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DOT Fines Allegiant AirFebruary 16, 2012 By: George Dooley Travel Agent
The U.S. Department of Transportation (DOT) reports it fined Allegiant Air $100,000 for violating rules protecting air travelers with disabilities as well as the DOT's rule for full-fare advertising.
The DOT 's Aviation Enforcement Office said it reviewed a sample of the disability-related complaints that Allegiant received directly from passengers in 2009 and 2010, as well as disability complaints against Allegiant that the Department received directly from passengers during 2009 and 2010.
The DOT found that in a number of instances, Allegiant responded to the complaints through a telephone call rather than in writing as required by the rule, and that the carrier both failed to record all of the disability complaints it received and to properly categorize and account for all the issues that were raised in the complaints.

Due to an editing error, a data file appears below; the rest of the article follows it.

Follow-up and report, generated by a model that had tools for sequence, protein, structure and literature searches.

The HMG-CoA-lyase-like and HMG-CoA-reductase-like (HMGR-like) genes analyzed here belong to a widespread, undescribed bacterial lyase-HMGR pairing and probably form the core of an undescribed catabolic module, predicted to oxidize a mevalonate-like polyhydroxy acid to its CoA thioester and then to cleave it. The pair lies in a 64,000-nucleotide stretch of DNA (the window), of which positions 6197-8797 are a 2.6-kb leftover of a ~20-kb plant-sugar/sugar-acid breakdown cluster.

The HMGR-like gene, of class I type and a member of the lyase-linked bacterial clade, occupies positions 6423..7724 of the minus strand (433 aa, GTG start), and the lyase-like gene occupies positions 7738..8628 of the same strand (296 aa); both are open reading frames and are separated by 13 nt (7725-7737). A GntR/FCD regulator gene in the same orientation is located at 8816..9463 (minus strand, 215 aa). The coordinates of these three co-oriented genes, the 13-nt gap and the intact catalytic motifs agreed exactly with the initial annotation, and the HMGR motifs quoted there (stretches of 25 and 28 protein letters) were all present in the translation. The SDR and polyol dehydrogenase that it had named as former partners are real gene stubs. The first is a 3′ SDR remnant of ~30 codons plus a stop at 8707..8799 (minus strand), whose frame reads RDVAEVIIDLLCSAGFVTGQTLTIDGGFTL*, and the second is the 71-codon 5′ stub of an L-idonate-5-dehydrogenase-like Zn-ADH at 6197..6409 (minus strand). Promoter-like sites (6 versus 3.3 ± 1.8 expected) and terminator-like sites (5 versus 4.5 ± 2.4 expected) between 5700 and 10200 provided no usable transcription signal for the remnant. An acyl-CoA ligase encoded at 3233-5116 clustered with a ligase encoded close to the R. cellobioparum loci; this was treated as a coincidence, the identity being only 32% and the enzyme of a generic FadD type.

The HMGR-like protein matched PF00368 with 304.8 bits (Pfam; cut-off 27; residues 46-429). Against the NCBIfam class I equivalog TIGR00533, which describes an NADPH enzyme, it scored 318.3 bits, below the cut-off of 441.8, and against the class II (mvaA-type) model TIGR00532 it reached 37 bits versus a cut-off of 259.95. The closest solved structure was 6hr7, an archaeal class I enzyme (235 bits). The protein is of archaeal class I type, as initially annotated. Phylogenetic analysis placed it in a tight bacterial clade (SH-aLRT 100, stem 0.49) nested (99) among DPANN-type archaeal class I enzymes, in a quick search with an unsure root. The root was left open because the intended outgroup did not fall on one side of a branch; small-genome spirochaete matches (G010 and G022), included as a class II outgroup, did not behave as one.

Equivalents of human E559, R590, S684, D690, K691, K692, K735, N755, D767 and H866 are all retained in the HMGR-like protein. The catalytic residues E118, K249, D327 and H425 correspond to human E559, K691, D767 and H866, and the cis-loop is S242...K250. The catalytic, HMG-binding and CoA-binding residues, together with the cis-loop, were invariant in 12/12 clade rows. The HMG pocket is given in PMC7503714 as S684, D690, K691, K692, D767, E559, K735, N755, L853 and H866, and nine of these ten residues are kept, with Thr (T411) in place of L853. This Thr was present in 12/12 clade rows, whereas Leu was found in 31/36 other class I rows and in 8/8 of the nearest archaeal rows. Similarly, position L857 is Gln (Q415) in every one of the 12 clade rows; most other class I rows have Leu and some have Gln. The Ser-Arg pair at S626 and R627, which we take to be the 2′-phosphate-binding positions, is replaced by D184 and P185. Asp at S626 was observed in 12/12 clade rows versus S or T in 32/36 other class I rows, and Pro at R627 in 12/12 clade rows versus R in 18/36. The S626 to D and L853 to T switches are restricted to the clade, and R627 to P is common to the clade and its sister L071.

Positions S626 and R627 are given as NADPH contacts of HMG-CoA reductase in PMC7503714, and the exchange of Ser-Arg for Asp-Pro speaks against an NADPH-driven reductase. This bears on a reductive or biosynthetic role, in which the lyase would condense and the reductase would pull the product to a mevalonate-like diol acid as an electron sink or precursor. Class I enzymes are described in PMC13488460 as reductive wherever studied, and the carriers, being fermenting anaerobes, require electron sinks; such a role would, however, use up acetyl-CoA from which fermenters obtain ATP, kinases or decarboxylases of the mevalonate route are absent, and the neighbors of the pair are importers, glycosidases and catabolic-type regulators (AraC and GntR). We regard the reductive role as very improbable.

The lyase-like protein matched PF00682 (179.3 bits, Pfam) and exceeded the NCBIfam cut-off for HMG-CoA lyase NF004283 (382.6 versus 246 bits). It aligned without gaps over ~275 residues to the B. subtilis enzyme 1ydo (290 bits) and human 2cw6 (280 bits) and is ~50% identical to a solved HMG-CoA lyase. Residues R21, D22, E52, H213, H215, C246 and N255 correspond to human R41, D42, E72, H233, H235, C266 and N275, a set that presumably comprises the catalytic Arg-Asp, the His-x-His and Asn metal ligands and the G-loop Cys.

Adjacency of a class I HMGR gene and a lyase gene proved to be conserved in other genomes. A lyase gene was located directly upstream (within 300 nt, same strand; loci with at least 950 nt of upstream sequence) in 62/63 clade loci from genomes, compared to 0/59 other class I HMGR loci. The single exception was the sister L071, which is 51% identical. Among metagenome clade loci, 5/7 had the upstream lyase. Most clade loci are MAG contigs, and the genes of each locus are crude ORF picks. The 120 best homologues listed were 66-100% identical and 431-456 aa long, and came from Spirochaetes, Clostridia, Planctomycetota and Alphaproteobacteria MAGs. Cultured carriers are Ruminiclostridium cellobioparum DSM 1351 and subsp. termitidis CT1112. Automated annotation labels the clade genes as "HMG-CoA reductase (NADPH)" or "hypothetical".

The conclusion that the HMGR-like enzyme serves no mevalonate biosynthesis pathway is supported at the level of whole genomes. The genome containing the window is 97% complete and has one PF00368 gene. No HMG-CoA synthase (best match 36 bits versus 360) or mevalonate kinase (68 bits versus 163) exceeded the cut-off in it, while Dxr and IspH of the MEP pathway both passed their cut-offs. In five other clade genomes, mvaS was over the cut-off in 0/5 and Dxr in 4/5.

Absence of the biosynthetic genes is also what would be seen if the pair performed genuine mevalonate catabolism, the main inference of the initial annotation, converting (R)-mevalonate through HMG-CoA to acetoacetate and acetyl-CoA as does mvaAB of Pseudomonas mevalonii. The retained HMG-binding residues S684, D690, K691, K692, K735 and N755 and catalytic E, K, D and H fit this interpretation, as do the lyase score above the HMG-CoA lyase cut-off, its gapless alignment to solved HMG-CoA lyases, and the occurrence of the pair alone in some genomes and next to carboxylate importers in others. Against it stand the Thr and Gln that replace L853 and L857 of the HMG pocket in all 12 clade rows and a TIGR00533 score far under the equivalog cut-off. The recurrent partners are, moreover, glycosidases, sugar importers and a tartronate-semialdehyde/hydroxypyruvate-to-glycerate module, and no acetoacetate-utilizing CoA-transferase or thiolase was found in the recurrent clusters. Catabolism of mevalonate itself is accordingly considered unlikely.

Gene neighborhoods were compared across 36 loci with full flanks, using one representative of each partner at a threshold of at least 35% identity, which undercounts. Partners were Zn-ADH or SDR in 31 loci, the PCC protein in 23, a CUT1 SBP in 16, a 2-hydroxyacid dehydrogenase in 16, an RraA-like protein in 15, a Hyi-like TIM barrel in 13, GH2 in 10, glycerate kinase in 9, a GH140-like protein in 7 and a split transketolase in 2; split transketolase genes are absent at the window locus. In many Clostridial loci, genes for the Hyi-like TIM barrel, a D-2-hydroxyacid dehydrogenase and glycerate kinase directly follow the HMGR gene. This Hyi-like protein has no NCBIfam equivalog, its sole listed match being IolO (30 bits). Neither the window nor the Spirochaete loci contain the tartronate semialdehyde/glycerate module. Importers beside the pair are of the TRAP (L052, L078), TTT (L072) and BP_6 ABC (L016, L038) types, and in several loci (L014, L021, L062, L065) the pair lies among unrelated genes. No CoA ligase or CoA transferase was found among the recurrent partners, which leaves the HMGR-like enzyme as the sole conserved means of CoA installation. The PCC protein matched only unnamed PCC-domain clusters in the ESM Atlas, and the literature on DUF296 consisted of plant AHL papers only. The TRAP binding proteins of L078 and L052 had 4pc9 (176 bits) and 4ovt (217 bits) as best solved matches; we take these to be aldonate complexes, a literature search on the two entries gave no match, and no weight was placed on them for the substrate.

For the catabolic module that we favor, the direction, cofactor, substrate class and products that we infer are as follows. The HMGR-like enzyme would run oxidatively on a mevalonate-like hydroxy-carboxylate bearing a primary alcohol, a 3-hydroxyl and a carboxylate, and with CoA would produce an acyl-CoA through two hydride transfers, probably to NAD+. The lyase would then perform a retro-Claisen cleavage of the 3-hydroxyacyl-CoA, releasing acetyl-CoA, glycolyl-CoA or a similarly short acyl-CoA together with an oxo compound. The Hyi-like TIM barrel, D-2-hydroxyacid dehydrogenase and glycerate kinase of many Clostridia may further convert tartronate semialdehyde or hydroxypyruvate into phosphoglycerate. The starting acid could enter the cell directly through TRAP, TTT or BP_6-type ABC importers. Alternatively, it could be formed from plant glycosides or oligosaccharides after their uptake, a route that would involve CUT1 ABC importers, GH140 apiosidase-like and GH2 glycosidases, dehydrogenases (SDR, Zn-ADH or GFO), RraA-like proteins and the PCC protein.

In addition, the Enforcement Office found that Allegiant violated DOT’s price advertising rule by posting offers on its homepage for free flights to Las Vegas and Tampa Bay, Fla. The banner for the Las Vegas ads did not indicate that taxes and fees would be extra. Although an asterisk appeared after the words “Fly Free,” there was no information on taxes and fees on the page where the asterisk appeared, and there was no hyperlink that took consumers to a description of required taxes and fees.
Instead, the DOT said, once consumers clicked on the link, they were taken to a page where they could see the amount of taxes and fees only after scrolling to the bottom of the page. For the Las Vegas and Tampa ads, Allegiant also failed to include its fee of $14.99 for tickets purchased anywhere except at one of the carrier’s airport ticket offices in the initial fare quote provided on the website as required by DOT.
These ads violated the Department’s rule requiring ads for airfares to identify the existence and amount of government-imposed taxes and fees at the first point a fare is displayed and to include in the initial fare quotes appearing on the website all carrier-imposed fees that passengers must pay to make on-line bookings.
Under DOT’s new advertising rule, which became effective on Jan. 26, 2012, carriers and ticket agents must show the total price, including all government taxes and fees, in every advertised fare.